Reply
  31. This is a topic that everyone has an interest in and opinion on. Often the opinions expressed vary widely, which means no matter what you do someone will be happy and another person unimpressed. I like seeing the whole face, but if I don’t find the model attractive then it spoils my image of the hero or heroine, and it would have been much better to have only a partial image and left the rest to my imagination. I like the new cover to “Spiral Path” a lot, but that is because I think both models are gorgeous. I do not like the clothes-falling-off images (whether shirt or dress), but apparently a lot of people like them because it is so common.
    Question: There are two different recent covers shown for “Twist of Fate” — is the book to be reissued with one of them or is one for the electronic version? If so, I much prefer the one where they are clothed. Not that I have anything against a naked male back, but the other, where they are leaning into each other, conveys more of a whole relationship with a sexual aspect than the second, which focuses the sexual aspect only.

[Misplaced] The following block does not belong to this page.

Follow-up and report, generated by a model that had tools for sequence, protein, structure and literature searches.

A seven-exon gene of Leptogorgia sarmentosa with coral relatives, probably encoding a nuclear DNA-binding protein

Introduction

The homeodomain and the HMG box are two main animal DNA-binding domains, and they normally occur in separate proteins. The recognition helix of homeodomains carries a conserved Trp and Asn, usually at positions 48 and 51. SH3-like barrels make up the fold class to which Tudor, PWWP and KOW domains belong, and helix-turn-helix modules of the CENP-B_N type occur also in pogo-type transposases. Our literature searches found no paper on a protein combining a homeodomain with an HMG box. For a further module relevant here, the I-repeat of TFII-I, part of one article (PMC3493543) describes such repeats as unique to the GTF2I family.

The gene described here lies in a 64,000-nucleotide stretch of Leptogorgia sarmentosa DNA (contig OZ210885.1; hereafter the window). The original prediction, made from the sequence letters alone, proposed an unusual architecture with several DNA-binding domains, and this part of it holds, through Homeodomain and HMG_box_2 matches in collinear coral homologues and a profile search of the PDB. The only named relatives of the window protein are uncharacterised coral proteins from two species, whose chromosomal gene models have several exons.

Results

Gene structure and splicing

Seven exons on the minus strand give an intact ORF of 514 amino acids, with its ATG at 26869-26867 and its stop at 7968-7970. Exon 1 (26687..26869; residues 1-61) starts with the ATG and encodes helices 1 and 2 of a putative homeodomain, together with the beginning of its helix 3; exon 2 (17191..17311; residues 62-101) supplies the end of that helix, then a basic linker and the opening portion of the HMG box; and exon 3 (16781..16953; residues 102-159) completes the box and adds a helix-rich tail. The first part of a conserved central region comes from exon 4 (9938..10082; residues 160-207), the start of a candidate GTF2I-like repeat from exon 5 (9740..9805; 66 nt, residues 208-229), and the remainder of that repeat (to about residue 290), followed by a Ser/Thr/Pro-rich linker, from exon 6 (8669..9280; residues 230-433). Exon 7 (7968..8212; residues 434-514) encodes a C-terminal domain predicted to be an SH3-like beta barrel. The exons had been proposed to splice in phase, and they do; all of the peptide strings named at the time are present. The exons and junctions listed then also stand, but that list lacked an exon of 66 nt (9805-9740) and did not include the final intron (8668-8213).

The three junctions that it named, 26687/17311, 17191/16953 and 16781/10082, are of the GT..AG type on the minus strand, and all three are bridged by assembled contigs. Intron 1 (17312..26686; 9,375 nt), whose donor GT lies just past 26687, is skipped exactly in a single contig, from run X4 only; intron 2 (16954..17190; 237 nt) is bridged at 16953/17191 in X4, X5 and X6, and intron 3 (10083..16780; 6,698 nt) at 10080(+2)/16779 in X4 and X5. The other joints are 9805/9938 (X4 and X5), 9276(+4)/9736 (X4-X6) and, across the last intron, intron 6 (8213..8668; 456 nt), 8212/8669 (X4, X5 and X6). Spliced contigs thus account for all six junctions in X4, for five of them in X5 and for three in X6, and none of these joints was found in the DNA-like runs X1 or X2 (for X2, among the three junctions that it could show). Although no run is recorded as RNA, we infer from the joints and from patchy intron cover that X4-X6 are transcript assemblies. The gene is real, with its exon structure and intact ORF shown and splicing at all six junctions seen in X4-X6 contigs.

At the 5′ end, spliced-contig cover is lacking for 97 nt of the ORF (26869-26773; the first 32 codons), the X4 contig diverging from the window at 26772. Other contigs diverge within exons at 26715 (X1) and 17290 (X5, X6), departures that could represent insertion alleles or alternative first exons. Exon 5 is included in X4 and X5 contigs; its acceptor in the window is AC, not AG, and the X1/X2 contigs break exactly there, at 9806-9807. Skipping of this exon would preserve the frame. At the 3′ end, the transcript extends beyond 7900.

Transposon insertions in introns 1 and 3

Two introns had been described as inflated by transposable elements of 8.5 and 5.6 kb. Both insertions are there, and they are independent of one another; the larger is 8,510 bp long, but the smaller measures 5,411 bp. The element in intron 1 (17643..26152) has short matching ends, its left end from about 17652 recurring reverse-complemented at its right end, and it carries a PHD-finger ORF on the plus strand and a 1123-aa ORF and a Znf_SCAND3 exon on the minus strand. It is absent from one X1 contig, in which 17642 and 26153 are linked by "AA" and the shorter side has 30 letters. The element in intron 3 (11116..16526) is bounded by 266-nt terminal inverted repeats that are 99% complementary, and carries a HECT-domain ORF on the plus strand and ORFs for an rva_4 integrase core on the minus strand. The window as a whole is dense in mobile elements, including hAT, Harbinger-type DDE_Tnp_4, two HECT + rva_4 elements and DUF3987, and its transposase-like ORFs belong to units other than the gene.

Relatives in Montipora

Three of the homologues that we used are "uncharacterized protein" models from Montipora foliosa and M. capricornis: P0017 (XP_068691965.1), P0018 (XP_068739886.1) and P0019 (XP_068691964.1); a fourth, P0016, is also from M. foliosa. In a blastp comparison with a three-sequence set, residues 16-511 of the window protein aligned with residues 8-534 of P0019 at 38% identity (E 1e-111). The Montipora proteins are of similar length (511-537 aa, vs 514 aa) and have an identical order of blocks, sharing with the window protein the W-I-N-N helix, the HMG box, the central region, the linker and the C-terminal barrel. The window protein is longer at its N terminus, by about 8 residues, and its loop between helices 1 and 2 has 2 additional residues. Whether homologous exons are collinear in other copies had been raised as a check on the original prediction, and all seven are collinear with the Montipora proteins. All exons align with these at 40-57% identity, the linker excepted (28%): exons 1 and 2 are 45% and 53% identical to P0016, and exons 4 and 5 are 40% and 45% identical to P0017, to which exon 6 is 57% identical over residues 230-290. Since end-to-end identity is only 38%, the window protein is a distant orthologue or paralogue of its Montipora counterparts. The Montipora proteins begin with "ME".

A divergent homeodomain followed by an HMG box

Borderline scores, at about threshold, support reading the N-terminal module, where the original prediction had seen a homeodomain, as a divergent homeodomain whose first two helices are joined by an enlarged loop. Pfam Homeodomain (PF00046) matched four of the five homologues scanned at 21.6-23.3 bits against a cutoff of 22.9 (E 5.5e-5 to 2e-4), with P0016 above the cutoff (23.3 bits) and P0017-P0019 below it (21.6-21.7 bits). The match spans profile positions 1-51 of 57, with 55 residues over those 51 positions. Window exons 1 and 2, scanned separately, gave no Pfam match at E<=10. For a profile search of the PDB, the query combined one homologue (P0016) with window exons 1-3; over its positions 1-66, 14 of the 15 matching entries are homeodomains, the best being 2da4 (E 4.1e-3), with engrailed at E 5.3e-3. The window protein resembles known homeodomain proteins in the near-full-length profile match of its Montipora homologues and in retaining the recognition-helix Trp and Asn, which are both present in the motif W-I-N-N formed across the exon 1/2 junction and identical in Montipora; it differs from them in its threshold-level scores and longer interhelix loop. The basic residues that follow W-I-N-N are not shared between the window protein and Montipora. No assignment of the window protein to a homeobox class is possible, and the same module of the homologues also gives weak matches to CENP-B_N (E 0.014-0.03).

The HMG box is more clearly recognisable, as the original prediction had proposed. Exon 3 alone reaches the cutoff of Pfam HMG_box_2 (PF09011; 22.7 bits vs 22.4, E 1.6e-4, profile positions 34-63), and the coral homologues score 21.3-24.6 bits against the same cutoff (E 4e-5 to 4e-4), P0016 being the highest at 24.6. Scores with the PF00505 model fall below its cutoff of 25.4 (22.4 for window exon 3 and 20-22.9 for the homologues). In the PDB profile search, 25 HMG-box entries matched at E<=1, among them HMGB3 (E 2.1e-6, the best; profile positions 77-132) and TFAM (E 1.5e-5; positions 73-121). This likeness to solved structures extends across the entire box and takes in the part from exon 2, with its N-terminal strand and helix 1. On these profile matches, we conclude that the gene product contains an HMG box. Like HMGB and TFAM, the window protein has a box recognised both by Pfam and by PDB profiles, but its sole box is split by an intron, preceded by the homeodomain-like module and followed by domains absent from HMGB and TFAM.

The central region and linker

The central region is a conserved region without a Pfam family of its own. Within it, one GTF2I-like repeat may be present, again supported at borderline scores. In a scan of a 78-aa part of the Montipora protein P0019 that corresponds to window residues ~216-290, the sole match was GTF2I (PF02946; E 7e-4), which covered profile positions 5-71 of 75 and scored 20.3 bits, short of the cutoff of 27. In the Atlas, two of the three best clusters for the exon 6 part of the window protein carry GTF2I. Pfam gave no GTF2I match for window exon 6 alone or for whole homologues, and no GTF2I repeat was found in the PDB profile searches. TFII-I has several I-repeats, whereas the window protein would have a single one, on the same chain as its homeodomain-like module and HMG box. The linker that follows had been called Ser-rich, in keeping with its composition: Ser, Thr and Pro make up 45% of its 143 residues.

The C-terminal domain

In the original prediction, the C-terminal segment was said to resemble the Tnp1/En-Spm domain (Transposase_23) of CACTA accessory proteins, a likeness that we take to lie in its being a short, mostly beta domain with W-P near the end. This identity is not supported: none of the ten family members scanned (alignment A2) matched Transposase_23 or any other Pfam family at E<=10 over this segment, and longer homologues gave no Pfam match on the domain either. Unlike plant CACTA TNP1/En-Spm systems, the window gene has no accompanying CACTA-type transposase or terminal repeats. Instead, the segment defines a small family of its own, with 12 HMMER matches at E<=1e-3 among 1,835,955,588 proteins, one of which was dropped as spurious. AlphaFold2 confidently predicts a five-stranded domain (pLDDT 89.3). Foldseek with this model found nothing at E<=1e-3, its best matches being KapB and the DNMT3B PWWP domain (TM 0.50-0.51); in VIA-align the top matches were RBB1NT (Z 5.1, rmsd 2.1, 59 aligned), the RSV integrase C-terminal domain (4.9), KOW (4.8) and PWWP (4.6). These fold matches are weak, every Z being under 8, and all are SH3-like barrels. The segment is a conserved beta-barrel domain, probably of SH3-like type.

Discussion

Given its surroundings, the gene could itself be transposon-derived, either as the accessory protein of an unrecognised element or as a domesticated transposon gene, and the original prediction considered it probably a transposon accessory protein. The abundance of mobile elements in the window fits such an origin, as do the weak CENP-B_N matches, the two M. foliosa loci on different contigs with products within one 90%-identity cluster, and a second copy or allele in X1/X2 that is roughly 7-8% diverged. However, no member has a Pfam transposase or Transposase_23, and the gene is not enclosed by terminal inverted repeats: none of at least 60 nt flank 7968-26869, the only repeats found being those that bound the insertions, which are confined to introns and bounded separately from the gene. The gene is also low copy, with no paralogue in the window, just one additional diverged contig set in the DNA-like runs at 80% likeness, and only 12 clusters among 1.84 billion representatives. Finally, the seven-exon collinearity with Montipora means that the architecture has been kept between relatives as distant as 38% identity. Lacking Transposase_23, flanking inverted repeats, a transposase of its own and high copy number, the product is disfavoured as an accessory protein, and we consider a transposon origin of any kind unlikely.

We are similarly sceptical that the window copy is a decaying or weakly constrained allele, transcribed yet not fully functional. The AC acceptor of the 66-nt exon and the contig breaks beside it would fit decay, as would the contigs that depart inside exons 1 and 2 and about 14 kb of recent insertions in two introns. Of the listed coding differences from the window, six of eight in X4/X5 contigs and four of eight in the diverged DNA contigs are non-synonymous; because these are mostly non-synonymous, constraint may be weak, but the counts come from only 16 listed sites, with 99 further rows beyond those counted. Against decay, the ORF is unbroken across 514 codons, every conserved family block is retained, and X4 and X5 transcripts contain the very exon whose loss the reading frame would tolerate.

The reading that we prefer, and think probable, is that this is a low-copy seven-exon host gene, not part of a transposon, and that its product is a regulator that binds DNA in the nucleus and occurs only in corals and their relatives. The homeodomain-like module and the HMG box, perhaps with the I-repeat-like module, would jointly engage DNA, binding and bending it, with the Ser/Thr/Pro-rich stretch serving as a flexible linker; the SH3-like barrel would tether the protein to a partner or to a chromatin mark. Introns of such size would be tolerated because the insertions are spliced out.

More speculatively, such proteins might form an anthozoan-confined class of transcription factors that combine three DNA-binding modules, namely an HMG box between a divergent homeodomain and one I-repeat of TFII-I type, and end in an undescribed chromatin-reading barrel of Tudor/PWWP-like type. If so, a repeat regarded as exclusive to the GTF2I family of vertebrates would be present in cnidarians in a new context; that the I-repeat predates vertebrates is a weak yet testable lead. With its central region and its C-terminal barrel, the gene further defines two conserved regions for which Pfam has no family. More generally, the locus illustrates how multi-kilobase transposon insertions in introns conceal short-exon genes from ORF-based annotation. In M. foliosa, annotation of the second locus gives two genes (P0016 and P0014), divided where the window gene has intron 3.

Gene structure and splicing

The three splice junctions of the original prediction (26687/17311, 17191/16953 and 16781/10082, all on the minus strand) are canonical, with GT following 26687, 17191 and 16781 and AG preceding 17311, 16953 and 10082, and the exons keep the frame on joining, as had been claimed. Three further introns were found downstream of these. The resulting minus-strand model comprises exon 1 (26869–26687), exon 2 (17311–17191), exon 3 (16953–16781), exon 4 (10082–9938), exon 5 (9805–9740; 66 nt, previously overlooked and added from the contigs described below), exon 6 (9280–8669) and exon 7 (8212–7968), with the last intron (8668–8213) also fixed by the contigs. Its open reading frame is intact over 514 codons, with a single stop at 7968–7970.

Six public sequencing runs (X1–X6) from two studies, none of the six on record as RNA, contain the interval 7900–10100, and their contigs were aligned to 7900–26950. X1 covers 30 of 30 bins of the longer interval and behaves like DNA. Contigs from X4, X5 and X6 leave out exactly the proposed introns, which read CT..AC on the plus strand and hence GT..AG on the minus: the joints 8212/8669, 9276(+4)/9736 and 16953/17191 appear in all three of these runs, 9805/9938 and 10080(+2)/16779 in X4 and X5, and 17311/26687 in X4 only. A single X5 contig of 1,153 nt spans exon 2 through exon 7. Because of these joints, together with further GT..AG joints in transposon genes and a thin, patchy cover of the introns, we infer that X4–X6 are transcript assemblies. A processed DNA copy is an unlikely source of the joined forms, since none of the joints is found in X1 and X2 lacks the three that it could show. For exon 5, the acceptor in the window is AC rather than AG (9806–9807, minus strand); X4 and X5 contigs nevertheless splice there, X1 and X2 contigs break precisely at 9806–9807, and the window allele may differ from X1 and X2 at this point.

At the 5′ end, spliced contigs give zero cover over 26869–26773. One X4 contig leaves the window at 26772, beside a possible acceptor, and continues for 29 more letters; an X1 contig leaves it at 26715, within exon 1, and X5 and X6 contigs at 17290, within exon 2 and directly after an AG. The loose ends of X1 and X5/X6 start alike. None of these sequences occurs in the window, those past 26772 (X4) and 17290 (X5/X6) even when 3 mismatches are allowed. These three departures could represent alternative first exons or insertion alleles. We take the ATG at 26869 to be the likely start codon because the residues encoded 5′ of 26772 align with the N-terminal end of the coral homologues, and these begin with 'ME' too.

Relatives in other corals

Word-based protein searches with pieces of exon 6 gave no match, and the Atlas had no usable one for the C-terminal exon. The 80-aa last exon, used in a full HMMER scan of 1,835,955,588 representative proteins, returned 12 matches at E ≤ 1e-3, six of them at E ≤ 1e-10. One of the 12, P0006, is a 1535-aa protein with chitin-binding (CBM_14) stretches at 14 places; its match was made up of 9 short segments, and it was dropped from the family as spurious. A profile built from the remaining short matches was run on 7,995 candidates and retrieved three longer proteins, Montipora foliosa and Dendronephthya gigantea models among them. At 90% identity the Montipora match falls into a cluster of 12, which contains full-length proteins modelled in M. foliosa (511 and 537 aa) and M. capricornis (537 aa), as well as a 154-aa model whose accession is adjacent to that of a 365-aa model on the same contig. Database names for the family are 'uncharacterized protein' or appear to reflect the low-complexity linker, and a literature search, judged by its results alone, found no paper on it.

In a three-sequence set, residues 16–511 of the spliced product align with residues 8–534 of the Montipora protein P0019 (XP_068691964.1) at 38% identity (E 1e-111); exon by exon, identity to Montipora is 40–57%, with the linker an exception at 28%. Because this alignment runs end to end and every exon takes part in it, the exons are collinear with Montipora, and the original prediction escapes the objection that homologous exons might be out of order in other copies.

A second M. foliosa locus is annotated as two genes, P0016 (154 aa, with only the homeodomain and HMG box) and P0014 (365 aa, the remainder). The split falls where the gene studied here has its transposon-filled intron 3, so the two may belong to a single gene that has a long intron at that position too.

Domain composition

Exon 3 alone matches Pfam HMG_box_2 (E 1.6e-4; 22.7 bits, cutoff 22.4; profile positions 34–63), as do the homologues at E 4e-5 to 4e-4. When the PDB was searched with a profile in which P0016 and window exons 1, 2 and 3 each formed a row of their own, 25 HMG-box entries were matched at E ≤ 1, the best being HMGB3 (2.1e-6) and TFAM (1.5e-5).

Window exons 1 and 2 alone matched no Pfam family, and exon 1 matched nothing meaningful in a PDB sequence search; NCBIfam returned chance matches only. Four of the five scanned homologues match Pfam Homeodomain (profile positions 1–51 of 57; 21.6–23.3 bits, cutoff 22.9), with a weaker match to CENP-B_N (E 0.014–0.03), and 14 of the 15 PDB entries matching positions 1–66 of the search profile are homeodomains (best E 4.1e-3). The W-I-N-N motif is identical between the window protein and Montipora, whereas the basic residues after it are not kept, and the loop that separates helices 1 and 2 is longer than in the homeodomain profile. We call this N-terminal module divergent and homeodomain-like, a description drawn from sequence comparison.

Reply
  32. This is a topic that everyone has an interest in and opinion on. Often the opinions expressed vary widely, which means no matter what you do someone will be happy and another person unimpressed. I like seeing the whole face, but if I don’t find the model attractive then it spoils my image of the hero or heroine, and it would have been much better to have only a partial image and left the rest to my imagination. I like the new cover to “Spiral Path” a lot, but that is because I think both models are gorgeous. I do not like the clothes-falling-off images (whether shirt or dress), but apparently a lot of people like them because it is so common.
    Question: There are two different recent covers shown for “Twist of Fate” — is the book to be reissued with one of them or is one for the electronic version? If so, I much prefer the one where they are clothed. Not that I have anything against a naked male back, but the other, where they are leaning into each other, conveys more of a whole relationship with a sexual aspect than the second, which focuses the sexual aspect only.

    Reply